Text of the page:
By Michelle Sutherland
The idea of a minimum-wage increase is commendable but it is imperative for the government to consider the timing, Business Senator Kevin Herrera told The Reporter.
Herrera underscored the fact that the private sector is still only recovering from the steep recession triggered by the pandemic, and is currently faced with heightened input costs. "Freight cost, the cost of other products like wheat, and all that type of thing that is going up," he said. "When you add that minimum wage, it compounds an already bad situation."
The business senator expressed concern regarding when and how fast the change would be made. ''It is the timing of it or how it is being done," Herrera explained. "The rising fuel prices are specifically affecting the productive sector, more importantly, the farming sector, which will probably be one of the sectors that will be more affected by the wage adjustment."
The business senator shared his view that perhaps the government would need to be a little more careful in terms of the timing and should possibly try to introduce the wage increase incrementally.
According to Deputy Prime Minister Hon. Cordell Hyde, an increase is scheduled for July 1st, 2022. Speaking roughly one hour and a half into the March 24th Sitting of the House of Representatives, Hyde proudly announced, "The long-awaited adjustment to the minimum wage will take place this year [on] July 1st! No more starvation wages for workers!"
It is important to note that Hyde did not specify the size of the increase in his comments in the House of Representatives. However, given the pre-election promise by the People's United Party (PUP) to raise the minimum wage from $3.30 to $5.00 an hour, many have interpreted Hyde's words as referencing the full, more than 50% increase to the minimum wage as of July.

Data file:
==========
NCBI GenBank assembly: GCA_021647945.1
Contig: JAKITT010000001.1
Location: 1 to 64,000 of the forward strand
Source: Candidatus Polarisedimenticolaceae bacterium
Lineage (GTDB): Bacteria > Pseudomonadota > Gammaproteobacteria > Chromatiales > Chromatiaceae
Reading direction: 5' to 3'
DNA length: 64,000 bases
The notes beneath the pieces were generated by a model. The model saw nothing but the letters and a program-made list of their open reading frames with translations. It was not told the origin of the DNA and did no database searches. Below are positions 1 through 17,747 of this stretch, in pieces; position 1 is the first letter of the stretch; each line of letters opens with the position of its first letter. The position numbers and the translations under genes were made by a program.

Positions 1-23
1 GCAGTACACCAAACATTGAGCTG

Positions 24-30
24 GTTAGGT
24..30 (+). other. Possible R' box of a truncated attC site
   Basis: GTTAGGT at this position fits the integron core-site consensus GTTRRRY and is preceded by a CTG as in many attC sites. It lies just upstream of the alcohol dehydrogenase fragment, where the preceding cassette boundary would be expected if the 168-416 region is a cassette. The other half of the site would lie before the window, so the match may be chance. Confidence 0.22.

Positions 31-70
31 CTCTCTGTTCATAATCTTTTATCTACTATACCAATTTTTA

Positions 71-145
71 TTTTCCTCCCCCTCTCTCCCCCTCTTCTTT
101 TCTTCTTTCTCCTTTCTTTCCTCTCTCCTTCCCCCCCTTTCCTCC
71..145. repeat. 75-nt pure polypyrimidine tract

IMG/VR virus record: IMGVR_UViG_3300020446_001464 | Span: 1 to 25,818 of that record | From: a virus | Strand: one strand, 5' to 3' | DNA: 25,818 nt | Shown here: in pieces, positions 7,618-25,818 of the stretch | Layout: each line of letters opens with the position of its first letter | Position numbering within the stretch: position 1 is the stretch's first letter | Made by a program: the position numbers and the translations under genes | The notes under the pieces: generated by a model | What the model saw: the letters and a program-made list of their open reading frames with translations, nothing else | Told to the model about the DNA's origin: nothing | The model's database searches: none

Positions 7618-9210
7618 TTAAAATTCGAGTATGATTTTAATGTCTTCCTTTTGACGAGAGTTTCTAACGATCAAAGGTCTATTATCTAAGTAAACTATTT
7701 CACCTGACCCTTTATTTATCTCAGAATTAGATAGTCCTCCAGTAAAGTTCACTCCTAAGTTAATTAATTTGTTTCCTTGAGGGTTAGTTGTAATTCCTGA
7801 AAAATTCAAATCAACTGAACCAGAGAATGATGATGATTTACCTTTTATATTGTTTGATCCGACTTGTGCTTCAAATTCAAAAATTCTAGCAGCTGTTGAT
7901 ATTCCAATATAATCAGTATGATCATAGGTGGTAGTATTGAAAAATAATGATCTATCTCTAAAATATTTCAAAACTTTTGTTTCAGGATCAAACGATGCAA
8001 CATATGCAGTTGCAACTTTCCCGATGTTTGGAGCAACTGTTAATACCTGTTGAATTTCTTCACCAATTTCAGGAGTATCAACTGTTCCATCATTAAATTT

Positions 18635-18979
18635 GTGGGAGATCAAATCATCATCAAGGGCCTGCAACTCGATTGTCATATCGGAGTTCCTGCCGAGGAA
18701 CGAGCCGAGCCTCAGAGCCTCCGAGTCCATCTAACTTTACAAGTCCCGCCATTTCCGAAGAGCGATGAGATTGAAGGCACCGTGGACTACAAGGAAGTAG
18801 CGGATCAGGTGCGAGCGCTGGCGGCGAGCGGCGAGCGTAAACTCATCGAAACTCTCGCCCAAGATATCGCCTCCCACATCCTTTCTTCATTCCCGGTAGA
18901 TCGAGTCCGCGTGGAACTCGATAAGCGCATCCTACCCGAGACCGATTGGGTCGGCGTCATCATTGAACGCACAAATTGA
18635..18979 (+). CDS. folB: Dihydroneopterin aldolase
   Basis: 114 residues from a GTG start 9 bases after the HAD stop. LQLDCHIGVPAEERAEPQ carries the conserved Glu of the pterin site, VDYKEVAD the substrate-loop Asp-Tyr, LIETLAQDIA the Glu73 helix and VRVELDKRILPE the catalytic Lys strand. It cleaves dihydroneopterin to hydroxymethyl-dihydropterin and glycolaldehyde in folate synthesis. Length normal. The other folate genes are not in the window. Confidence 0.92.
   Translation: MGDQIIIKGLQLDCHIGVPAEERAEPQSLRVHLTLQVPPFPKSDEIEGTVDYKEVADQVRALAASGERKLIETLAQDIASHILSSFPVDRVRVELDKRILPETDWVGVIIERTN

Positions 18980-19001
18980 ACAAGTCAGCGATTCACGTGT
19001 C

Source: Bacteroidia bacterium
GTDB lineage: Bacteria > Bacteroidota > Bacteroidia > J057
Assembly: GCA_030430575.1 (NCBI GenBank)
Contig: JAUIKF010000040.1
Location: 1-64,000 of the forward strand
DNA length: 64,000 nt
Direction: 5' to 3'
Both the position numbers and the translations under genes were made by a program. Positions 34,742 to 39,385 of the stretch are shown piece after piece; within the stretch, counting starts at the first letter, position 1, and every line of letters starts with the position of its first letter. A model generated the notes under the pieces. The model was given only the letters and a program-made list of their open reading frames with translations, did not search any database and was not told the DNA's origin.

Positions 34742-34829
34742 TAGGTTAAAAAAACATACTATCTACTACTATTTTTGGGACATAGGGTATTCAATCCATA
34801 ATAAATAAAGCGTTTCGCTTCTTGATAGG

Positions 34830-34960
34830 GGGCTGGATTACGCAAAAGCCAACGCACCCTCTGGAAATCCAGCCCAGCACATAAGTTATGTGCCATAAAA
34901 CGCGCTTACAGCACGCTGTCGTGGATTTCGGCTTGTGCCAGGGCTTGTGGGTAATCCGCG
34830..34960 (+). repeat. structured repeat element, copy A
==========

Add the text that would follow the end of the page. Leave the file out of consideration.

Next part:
It is worth highlighting, however, that it is possible that Herrera's suggestion for an incremental implementation strategy could likewise be on the table.
According to Herrera, while he is of the view that the changes to the minimum wage will not have an adverse effect on certain sectors such as the BPOs, banking, tourism among others, there are those such as small businesses that had to take out loans from the bank to keep their employees and their doors open during the pandemic. Herrera said that majority of those businesses are still paying off their loans and so an additional expense to them could result in some workers being let go so that employers could cover their costs. Due to this Herrera noted that he thinks that it is important that there be a dialogue between the private sector and the government in an effort to ease the burden and find a viable solution. ''I think that overall the initiative is good, because, as I said, you want to address the living wage for people," he explained. "But you just want to make sure that it is affordable and the timing is right and how it is being implemented is not too burdensome.''